Saturday is national drug take-back day

April 25, 2014
Saturday is national drug take-back day
Rid your home of unused, expired prescription meds by turning them in at a collection site near you.

(HealthDay)—If you have expired, unused or unwanted drugs in your medicine cabinet, you can safely dispose of them on National Drug Take-Back Day this Saturday.

The free and anonymous service is offered from 10 a.m. to 2 p.m. at collection sites across the nation. To find a site near you, go to the National Take-Back Initiative website and type in your ZIP code.

One major goal of the program is to reduce and . In 2010, more than 22,000 people in the United States died of prescription drug overdoses.

Family and friends are the source for access to over half of all abused , and in many of those cases users simply take the drugs from other people's medicine cabinets, the U.S. Food and Drug Administration noted in a news release.

In 2010, nearly three-quarters of prescription drug overdoses involved powerful called narcotics, or opioids (such as oxycodone), according to the U.S. Centers for Disease Control and Prevention.

In 2011, there were more than 420,000 emergency department visits related to the misuse and abuse of prescription narcotics in the United States, a number that nearly doubled over five years, the news release noted. In 2012, more than 12 million Americans abused prescription narcotics by taking them without a doctor's orders or for reasons other than their original purpose.

This is the eighth Take-Back Day in four years and the previous events have been highly successful, collecting more than 3 million pounds (1,733 tons) of prescription drugs, the FDA said in the news release.

The agency also noted that you should safely dispose of medicines throughout the year. The FDA's Disposal of Unused Medicine website offers advice on how to do this.

Explore further: Saturday is national prescription drug take-back day

More information: Here's where you can find the National Take-Back Day website.

Related Stories

Saturday is national prescription drug take-back day

October 26, 2013
(HealthDay)—Do you have any expired or unused prescription medicines cluttering up your medicine cabinet? You can get rid of them safely and quickly at sites across the United States during National Prescription Drug Take-Back ...

Study: Friends common source of abused meds

March 4, 2014
Most people who abuse addictive prescription painkillers get them for free from friends or relatives, while drug dealers are a relatively uncommon source for those at highest risk for deadly overdoses, a U.S. government study ...

Many who first misuse prescription pills get them from friends, family: report

April 25, 2012
(HealthDay) -- A new U.S. government analysis shows that more than 70 percent of people who first misuse prescription medications get those pills from their friends or relatives.

Many US seniors get prescription painkillers from multiple doctors

February 19, 2014
(HealthDay)—About one-third of Medicare patients who get prescriptions for powerful narcotic painkillers receive them from multiple doctors, which raises their risk for hospitalization, according to a new study.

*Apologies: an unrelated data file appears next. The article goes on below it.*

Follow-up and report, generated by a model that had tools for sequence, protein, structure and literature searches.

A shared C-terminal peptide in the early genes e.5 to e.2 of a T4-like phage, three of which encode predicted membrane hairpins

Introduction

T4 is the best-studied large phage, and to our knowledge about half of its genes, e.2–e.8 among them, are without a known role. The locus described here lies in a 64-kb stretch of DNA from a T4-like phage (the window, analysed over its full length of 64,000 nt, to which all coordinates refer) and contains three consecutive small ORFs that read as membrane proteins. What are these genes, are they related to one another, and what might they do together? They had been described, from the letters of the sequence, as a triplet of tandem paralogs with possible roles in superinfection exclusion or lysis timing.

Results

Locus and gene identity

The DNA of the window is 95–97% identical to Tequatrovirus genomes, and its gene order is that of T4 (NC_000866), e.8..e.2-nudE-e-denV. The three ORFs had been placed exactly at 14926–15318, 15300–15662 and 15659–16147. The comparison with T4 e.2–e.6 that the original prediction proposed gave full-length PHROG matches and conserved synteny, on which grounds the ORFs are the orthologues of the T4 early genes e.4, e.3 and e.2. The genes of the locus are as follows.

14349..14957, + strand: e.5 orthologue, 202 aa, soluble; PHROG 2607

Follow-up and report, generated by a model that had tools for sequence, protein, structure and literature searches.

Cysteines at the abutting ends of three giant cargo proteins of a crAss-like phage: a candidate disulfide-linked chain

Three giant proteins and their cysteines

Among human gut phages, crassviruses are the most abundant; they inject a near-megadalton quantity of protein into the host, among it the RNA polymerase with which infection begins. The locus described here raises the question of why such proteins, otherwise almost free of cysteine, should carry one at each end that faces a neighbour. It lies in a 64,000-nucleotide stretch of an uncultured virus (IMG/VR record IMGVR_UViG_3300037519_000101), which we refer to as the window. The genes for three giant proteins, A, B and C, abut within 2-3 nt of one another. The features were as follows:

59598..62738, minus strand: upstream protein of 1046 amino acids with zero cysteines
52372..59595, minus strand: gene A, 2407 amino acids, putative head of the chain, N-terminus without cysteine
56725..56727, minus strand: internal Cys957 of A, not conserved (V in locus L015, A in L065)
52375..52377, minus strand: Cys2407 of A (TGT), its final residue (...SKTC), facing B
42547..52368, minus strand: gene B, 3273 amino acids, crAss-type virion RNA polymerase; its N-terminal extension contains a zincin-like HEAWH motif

Saturday marks sixth annual Rx drug take-back day

April 26, 2013
(HealthDay)—United States residents across the nation will have an opportunity to safely and anonymously unload expired, unwanted prescription medications on Saturday, April 27, during the sixth annual National Prescription ...

Report recommends insurers use prescription monitoring data to reduce opioid abuse, deaths

April 22, 2014
The Prescription Drug Monitoring Program Center of Excellence at Brandeis University has issued a ground-breaking report recommending that medical insurers use prescription monitoring data to reduce the overdoses, deaths ...

Recommended for you

Mind-body therapies immediately reduce unmanageable pain in hospital patients

July 25, 2017
Mindfulness training and hypnotic suggestion significantly reduced acute pain experienced by hospital patients, according to a new study published in the Journal of General Internal Medicine.

Study suggests ending opioid epidemic will take years

July 20, 2017
The question of how to stem the nation's opioid epidemic now has a major detailed response. A new study chaired by University of Virginia School of Law Professor Richard Bonnie provides extensive recommendations for curbing ...

Team-based model reduces prescription opioid use among patients with chronic pain by 40 percent

July 17, 2017
A new, team-based, primary care model is decreasing prescription opioid use among patients with chronic pain by 40 percent, according to a new study out of Boston Medical Center's Grayken Center for Addiction Medicine, which ...

Private clinics' peddling of unproven stem cell treatments is unsafe and unethical

July 7, 2017
Stem cell science is an area of medical research that continues to offer great promise. But as this week's paper in Science Translational Medicine highlights, a growing number of clinics around the globe, including in Australia, ...

Popular heartburn drugs linked to higher death risk

July 4, 2017
Popular heartburn drugs called proton pump inhibitors (PPIs) have been linked to a variety of health problems, including serious kidney damage, bone fractures and dementia. Now, a new study from Washington University School ...

Most reproductive-age women using opioids also use another substance

June 30, 2017
The majority of reproductive-age and pregnant women who use opioids for non-medical purposes also use at least one other substance, ranging from nicotine or alcohol to cocaine, according to a University of Pittsburgh Graduate ...

0 comments

Please sign in to add a comment. Registration is free, and takes less than a minute. Read more

Click here to reset your password.
Sign in to get notified via email when new comments are made.